the Australian dairy industry is a price taker on global markets and has no capacity to alter this, irrespective of the structure of the industry. A belief that any single Australian dairy company could exert market power is not consistent with market realities
the emergence of a dominant manufacturer is not a prerequisite for developing distinctive Australian branding for dairy products
there are potential risks associated with highly concentrated industry structures if the overall performance of the industry is linked with one company
Fonterra-like arrangements are not necessary to ensure that scale benefits at the plant level are realised — indeed, there is considerable evidence that Australian dairy manufacturers are taking advantage of scale benefits where it is profitable
And the Commission wrapped it up on p8 with this:
...industry participants are best placed to balance the various tradeoffs and commercial considerations they face (such as between scale and transport costs). Other than where legitimate competition concerns are relevant...the most beneficial dairy industry structure for Australia will be determined by the market place. Attempts by governments to ‘second guess’ market outcomes to achieve a particular industry structure are fraught with difficulty, and likely to impose net costs on the industry and the community more generally. It does not require much imagination — or experience with price setting by government — to envisage highly problematic judgements in setting an Australian price (or prices) for guaranteed domestic milk supply, as occurs today in New Zealand.
The Commission also quoted (pp115-6) from a recent speech by Rod Sims, the head of the ACCC, where he said:
We are seeing a return to calls for ‘national champions’ in Australia. It is, of course, terrific when companies out compete their rivals and take on the world. The concern is when they call for restrictions on competition at home so they can better compete on the world stage. The argument is a contradiction: if you cannot beat your rivals at home how can you hope to do so overseas? Firms involved in cosy oligopolies or oligopolies in Australia are unlikely to succeed on the world stage.
So it looks as if the old rustbucket SS National Champion has now taken three hits in a row. Unfortunately, if past experience is any guide, it will manage to struggle back to port, get patched up, and in due course set out again on another hopeful journey.

No national champions, please - The Dismal Science

Oct 09, 2014

In earlier posts (main one here, follow-up here) I've commended the wonderful work done by Australia's Competition Policy Review. They've systematically taken a pro-consumer, pro-competitive approach without wandering off piste into anti-business populism.

They didn't get stampeded, for example, into "doing something" about the concentrated Aussie grocery business, noting that "While concentration is relevant, it is not determinative of the level of competition in a market...competition between supermarkets in Australia appears to have intensified in recent years... consequently, few concerns have been raised about prices charged to consumers by supermarkets" (p181). If there are issues of the big supermarkets strongarming their suppliers ("unconscionable conduct" in Aussie competition-speak), well they are before the courts, "where they are best considered" (p182). And if the arrival of the big chains tended to deal to the traditional mom-and-pop high street shops, "Undoubtedly these changes can damage individual businesses. However, consumer preferences and choice should be the ultimate determinant of which businesses succeed and prosper" (p183), and "While the Panel is sensitive to these concerns, they do not of themselves raise competition policy or law issues" (p184).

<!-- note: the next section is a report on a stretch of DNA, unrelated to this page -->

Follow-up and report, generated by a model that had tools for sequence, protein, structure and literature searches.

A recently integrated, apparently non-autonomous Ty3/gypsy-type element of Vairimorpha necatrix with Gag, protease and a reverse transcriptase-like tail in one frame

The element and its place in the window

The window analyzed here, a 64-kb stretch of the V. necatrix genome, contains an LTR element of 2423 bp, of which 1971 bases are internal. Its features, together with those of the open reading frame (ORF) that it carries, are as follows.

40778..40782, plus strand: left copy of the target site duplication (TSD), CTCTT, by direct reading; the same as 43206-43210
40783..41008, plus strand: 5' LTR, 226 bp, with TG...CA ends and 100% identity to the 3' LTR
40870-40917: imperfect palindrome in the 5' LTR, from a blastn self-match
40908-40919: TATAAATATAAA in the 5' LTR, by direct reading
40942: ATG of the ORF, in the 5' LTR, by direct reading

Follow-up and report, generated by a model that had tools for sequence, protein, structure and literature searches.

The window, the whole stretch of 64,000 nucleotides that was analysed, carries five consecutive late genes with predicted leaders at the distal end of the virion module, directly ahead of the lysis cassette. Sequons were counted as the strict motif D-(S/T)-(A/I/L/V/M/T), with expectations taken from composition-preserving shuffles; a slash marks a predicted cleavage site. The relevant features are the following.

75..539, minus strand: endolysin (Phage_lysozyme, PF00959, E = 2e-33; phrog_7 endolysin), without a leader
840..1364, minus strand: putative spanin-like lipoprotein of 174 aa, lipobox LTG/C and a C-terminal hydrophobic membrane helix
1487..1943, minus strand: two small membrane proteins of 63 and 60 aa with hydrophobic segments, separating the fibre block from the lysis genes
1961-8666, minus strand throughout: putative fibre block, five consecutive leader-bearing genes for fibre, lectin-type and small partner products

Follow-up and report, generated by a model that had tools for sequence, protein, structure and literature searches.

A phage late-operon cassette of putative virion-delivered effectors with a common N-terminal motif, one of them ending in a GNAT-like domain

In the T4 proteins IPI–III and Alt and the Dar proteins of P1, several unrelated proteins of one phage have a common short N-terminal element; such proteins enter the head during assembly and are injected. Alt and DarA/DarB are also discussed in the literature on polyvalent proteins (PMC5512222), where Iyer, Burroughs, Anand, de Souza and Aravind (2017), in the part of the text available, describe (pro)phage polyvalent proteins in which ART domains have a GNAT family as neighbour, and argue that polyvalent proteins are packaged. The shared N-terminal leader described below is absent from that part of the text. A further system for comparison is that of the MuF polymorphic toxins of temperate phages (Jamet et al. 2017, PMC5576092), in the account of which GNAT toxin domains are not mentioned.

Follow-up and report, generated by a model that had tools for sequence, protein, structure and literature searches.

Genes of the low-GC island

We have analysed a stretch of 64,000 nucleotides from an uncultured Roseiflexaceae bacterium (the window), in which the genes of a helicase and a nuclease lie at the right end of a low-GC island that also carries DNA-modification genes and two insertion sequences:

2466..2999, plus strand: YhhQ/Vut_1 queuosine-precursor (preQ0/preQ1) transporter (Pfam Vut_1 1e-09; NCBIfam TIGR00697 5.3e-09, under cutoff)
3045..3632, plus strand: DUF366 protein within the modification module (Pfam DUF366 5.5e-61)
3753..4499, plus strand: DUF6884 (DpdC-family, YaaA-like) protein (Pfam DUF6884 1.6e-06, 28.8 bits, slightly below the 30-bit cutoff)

Along the way I wrote about some of the ridiculous anti-competition regimes that the Policy Review uncovered - notably Western Australia's bizarre potato regulations and New South Wales' monopoly organisation of the rice market, and I had some reader feedback that perhaps here in New Zealand we weren't much better, given the way we've allowed the creation of Fonterra.
As it happens, the Aussies looked at the "national champion" issue, too, and again took the pro-competition road. They had a bit (Box 15.1 on p196) specifically about Fonterra, and said that it wasn't in fact the kind of "national champion" monopolist that some Aussies were promoting. "The [Fonterra establishment] legislation included provisions and obligations on Fonterra designed to provide for domestic competition and prevent harm to consumers and farmers as a result of the merger. Concerns were raised that the farm-gate price would be depressed due to Fonterra's dominance as a buyer. These were addressed through a combination of regulation and incentives...To achieve domestic competition in the sale of milk products Fonterra had to divest several brands to competitors and is obligated to supply them on competitive terms". And they quoted Bill English as saying, "Sometimes they think in Australia that we've got a monopoly and it works, but we don't and having one doesn't".
Then they turned to the general issue of whether creating "national champions" is a good idea, as there's always someone lurking with a cunning plan along those lines (our meatworks industry is a plausible candidate for the next one). As far as I'm concerned, these next couple of paragraphs (from p195) ought to be carved in stone and erected outside any government departments or agencies thinking about going along with a bit of "national champion" industrial planning. The added emphasis is mine.
From time to time there are calls for competition policy to be changed to allow the formation of ‘national champions’ — national firms that are large enough to compete globally. While the pursuit of scale efficiencies is a desirable economic objective, it is less clear whether, and in what circumstances, suspending competition laws to allow the creation of national champions is desirable from either an economic or consumer perspective.